In the pilot episode, Kevin Bacon’s character, FBI agent Jackie Rohr, uses the N-word during the first minute of the show. Why did you make that choice?
I was trying to accurately depict what Northeast racism looks like as opposed to the way people sometimes think of it, which is, like, white parents throwing stones at black kids on a bus. It’s not just people carrying tiki torches that have this problem. It’s everyday people who you might think are really charming or funny, but this is part of their character. I grew up with that and I didn’t want to water it down. [Rohr] isn’t the stock racist in the show—he’s the main character and he’s just very casually throwing off that word. These people were offhand about their racism—it was pervasive and casual and bred-in, which has also made it hard to change. That’s the way a guy in his fifties working for the FBI in Boston, who’s corrupt, was talking in 1992. To depict that otherwise would just be a fairy tale.
Why does the world need another Boston crime show?
To call it a show about crime is like calling The Sopranos a show about gangsters. When I started as a screenwriter 10 years ago, all I wanted to write was drama, but you can’t sell drama. But if you put a heist in the middle of it, you can. There’s an armored-car robbery in the first 15 minutes, but this is a show about people struggling with change. It takes place in a city where everything was fucked, and here’s how people dealt with it.
How did you meet the Afflecks?
A producer put Casey and me together, and out of that came [the script for a movie called] Boston Strangler. We worked on that for two years and it almost got made. At that time, Ben and Matt Damon were trying to do their version of a Whitey Bulger story. Casey kept telling them, “You should hire Chuck.” So, when Matt and Ben wanted to do the TV show, I went in and met them. They pitched me on what they were looking to do, and I’d done my research, so I had a full 15-minute pitch ready. Ben Affleck is the best boss I’ve ever had. He literally just handed me a huge check and was like, “Go do your worst.”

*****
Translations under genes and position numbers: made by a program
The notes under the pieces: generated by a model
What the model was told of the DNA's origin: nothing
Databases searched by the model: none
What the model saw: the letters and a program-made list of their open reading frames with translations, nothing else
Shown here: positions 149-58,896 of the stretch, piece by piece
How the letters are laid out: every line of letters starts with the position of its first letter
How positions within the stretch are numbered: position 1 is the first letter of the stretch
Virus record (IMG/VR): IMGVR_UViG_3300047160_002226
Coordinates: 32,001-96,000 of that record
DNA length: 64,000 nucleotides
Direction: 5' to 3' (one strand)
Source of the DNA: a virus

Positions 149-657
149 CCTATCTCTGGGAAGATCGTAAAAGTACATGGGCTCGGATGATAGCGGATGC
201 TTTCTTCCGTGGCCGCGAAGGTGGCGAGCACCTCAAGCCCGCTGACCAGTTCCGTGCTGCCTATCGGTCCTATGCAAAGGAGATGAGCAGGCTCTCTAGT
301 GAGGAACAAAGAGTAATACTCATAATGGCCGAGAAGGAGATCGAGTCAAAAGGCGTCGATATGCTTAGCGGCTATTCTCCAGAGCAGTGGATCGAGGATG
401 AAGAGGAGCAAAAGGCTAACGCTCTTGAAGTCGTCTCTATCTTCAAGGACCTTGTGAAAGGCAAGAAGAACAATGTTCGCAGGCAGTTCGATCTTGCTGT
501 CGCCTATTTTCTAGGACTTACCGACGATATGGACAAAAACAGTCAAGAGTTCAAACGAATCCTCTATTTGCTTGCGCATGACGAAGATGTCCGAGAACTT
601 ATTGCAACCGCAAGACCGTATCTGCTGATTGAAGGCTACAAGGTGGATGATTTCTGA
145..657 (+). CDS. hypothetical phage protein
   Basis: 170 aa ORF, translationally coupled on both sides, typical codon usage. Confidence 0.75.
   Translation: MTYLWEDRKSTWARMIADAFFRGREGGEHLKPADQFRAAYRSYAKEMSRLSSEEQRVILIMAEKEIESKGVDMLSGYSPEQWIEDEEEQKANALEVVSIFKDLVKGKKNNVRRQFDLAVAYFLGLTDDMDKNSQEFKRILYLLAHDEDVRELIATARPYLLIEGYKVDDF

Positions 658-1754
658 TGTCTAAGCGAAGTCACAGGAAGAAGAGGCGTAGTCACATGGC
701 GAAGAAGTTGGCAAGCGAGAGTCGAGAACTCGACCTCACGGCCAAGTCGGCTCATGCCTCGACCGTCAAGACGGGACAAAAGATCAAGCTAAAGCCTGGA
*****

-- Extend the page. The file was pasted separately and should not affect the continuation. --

Are you ever starstruck working for him?
I break his balls worse than anybody. At least once a week I’ll make fun of him growing up in Cambridge, and he’ll call me white trash from Quincy. I don’t know why he takes it from me, but he’s very paternal, very avuncular. He’s like, “I brought you into this world. I can take you out of it.”
We’ve heard that he drinks Dunkin’ Donuts every day. Is that true?
Yeah, we joke that the two of us can’t go 15 minutes without a Dunkin’ Donuts and a Newport cigarette. You can take us out of there, but you can’t take it out of us.
So it is true.
They should write him a check for that. I don’t know why they’re not paying him. If he’s not available, I’m very willing.
What was your experience like as a student at Emerson College?
They literally tried to kick me out every year. My whole life, I’d barely been outside the 495 belt, and I was just a goon. All I did was get shitfaced and get in fights. Paradoxically, I got a 4.0 [GPA]. I had an academic scholarship, but I was a hell-raiser. They’d threaten to kick me out and I’d be like, “Oh, kick out the working-class kid with a 4.0 GPA? Let’s see how that looks on the front page of the Herald tomorrow morning, especially when you’re not paying taxes on the prime real estate you have on Boston Common.” That kind of thing.
I didn’t know how good of a college Emerson was until I went to USC. [Pulitzer Prize–winning biographer and Emerson professor] Megan Marshall handled me more deftly than anybody. She just figured out, Okay, I’ll let him talk for 15 minutes and he’ll burn himself out. And then I can teach. I’d lay down in traffic for her.